Pharmacy Clinical Pearl of the Day: Alagille Syndrome
Approximately 75% of people diagnosed with Alagille syndrome in childhood live to at least 20 years of age.
Clinical Pearl of the Day: Alagille Syndrome
Alagille syndrome is an inherited disorder that closely resembles other forms of liver disease seen in infants and young children.
- Alagille syndrome causes liver damage. The liver produces bile to help remove waste from the body. It also helps digest fats and the fat-soluble vitamins A, D, E, and K. The body can use these vitamins only if they are combined with fat from the foods people eat. Bile ducts are the channels that move bile out of the liver.
- If a person does not have enough of these ducts, bile builds up in the liver, which damages liver tissues and ultimately can cause the liver to fail.
- Approximately 75% of people diagnosed with Alagille syndrome in childhood live to at least 20 years of age.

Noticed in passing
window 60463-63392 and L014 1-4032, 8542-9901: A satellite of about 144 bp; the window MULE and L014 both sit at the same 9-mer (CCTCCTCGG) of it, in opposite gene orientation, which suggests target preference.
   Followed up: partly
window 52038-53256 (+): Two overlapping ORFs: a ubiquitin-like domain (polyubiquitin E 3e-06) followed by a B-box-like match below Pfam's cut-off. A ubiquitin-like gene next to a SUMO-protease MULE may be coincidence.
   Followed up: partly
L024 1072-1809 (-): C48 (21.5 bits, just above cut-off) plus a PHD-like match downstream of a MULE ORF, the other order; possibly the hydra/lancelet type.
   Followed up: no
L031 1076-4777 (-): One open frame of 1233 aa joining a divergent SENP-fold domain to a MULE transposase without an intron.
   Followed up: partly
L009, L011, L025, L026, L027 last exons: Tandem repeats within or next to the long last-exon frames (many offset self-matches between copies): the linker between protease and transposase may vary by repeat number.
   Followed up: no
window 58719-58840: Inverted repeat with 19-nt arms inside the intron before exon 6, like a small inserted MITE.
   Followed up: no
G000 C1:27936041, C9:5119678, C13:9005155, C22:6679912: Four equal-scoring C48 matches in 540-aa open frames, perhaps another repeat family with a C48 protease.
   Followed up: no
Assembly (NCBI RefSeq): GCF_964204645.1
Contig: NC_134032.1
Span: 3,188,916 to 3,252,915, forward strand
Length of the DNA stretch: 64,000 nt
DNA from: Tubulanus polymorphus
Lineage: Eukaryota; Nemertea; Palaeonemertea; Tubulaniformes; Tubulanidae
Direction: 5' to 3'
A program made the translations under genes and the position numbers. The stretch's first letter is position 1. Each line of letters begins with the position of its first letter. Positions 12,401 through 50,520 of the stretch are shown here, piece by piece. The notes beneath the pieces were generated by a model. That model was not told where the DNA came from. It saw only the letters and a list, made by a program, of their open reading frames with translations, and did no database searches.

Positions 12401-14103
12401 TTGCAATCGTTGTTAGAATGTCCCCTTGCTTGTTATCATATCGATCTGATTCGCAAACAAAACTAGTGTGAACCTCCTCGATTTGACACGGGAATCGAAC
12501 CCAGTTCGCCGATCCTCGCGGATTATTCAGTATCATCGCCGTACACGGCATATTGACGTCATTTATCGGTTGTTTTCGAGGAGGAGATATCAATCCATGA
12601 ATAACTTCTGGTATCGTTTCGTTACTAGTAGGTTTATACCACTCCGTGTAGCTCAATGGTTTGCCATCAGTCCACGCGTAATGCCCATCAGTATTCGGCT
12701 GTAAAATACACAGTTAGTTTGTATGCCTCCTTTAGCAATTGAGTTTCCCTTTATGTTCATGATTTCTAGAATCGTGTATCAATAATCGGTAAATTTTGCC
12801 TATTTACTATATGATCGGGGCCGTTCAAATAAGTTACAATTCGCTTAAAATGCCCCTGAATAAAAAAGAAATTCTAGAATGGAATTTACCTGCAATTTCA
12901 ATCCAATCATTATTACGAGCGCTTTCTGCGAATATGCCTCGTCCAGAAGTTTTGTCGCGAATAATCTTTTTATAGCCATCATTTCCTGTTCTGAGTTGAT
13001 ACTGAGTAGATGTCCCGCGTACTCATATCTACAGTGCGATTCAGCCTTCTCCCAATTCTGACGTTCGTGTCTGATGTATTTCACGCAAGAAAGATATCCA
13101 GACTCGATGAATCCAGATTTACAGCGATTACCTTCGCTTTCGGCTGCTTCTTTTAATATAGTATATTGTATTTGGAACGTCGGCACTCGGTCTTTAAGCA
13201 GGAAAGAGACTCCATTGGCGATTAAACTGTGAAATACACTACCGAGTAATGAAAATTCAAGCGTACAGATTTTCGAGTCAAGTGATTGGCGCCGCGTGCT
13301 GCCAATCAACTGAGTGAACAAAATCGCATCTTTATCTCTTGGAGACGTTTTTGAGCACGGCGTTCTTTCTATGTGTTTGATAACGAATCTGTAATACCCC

- Causes: Alagille syndrome is related to the JAG1 gene mutation.
- Symptoms include yellowish skin or eyes, itchy skin, delayed growth, hard skin bumps, heart murmur, and changes in the blood vessels.
- Treatment may include medications to increase bile flow (ursodeoxycholic acid), cholestyramine, rifampin, and naltrexone. Also, biliary diversion procedures that can help interrupt the normal bile circulation. Vitamin and special nutrition supplementation to support proper growth and development.
- Infants with Alagille syndrome are given a special formula that helps the small intestine absorb fats. The diet usually is high in calories, calcium, and with vitamins A, D, E, and K, and sometimes zinc.
- Liver transplantation, kidney surgery, and heart surgery may be other alternatives to correct any defects.